Voiceover In Games:: The Good News, And The Very Bad


Voiceover Work Is Increasing Dramatically In Gaming, And The Need For Real Actors Is Recognized.

Finally recognized, that is.  Anyone remember the monotone or stupidly-dramatic voices in earlier videogames? Non-professional (recorded overseas, non-union) voiceover ‘talent’ was who did most of the voice work for no money,  or practically that. That was why.

The gaming industry has grown so dramatically, correspondingly, so has the quality and evolution of  the games.  The good news for actors is that the gaming industry also realized that quality games  needed quality actors.

Quality voices mean quality acting, in case you didn’t know.  A voice is a voice.  A great sounding voice is a great sounding voice. An actor is someone who brings a character to life. Makes the character seem real. Sound real.

Actors Often Think Voiceover Is About Voice Quality.

Whether it’s a voiceover commercial, or animation, or narration; the most important thing is that the actor understand the script, and what’s required for the character to come across, in the reading. How to, successfully, devise the character. How to play out the story correctly, and very well,  with the acting performance.

Especially, for voiceover work.  The voice actor has fewer tools to create a character and situation; it’s all in the voice.

Better Acting Equals Better Games Is The New Physics Equation.

Of the gaming industry. That’s the good news.

The bad news is that is that it’s not their new math.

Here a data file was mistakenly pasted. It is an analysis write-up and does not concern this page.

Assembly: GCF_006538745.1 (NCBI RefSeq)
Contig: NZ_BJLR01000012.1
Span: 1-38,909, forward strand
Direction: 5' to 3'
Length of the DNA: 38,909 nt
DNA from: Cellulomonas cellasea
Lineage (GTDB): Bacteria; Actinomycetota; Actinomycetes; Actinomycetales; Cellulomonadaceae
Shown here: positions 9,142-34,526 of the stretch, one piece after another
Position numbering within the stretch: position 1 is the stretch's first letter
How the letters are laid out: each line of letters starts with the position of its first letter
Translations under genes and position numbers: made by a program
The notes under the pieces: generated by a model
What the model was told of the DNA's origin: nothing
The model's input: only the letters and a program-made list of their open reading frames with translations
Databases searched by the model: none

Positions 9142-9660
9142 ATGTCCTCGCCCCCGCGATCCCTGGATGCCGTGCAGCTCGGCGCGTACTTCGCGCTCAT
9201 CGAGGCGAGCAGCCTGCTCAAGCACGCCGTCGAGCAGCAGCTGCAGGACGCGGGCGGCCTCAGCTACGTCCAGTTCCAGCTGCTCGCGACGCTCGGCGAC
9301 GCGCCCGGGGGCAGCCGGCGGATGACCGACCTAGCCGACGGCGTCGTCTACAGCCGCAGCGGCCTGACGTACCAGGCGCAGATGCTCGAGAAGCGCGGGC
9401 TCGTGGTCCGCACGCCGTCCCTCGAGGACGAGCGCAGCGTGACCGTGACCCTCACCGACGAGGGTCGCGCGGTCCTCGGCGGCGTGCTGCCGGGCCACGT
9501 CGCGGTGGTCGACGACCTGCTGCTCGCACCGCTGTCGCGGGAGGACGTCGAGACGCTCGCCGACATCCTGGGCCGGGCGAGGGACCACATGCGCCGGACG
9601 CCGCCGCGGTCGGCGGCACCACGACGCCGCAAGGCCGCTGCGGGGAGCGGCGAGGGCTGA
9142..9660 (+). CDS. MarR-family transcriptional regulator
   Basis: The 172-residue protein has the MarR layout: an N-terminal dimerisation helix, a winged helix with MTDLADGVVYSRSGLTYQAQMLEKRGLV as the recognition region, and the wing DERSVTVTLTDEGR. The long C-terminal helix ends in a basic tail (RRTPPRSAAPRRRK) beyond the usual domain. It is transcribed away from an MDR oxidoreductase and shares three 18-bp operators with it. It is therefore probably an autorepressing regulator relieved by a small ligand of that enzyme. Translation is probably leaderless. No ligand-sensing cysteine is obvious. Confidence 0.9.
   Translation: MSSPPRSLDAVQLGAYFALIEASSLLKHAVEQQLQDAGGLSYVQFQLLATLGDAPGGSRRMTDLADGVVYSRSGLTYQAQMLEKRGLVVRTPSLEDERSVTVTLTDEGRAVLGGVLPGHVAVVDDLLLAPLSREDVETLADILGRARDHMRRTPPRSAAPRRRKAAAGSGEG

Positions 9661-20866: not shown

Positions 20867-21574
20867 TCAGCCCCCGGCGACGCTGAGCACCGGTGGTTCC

They don’t want to pay for it; they still want to cheaply, like they paid for the outstandingly crappy, awful voices. Not only do they want to pay nothing or close to it; but they are a business that is doing very well, financially.

And now that they are using American, union, good actors;  yes, they are paying a union-level wage for the hour or few hours worth of work.

That almost sounds like great news, now doesn’t it? NOT.

They want countless numbers of different voices to count as one voice, yet to be paid as all one actor. So yes, they will pay a union wage for acting. And all the characters he or she can voice-alter to create, come along with the actor, for free. Which also means that all those employed to do voices for games will be hired for the amount of voices they can do. They’ll do them all, for free.

Not just quantity over quality, because it also reduces how many actors will be employed for each game. Substantially.  And locks most actors out of having an opportunity to audition.  Especially, novice actors.  (For whom this area would be a great place to try to break in, use as some back up money, even create a niche for themselves.)

That was Bad Number 1.

Bad Number 2:

They also want to redefine, and reduce ,the terminology of different levels of actors involved, which also means less money.  Which lowers the bar of actor respect and value, on the record. For the standard.  For your future. “Limbo lower now…”

Stay with me, here…

If You Think That You Are A Novice Actor So This Doesn’t Affect You

Hoooo. You are especially wrong.

Because there is no such thing as counting on commercials for some starter actor money, anymore. It used to be that commercials were a great way to make some, or a lot, of back up money.  That hasn’t really been true for over a decade. It’s been something that 99% of all actors have not been able to earn enough to live on, and this has been this way for years. It’s even worse, now, in this economy.

Gaming is different. It’s a very successful, growing industry. It’s got two other things that make it wonderful for novice actors.

One, is that you don’t need to be a big name, to get hired as a voice actor in gaming, like you do for animation movies these days.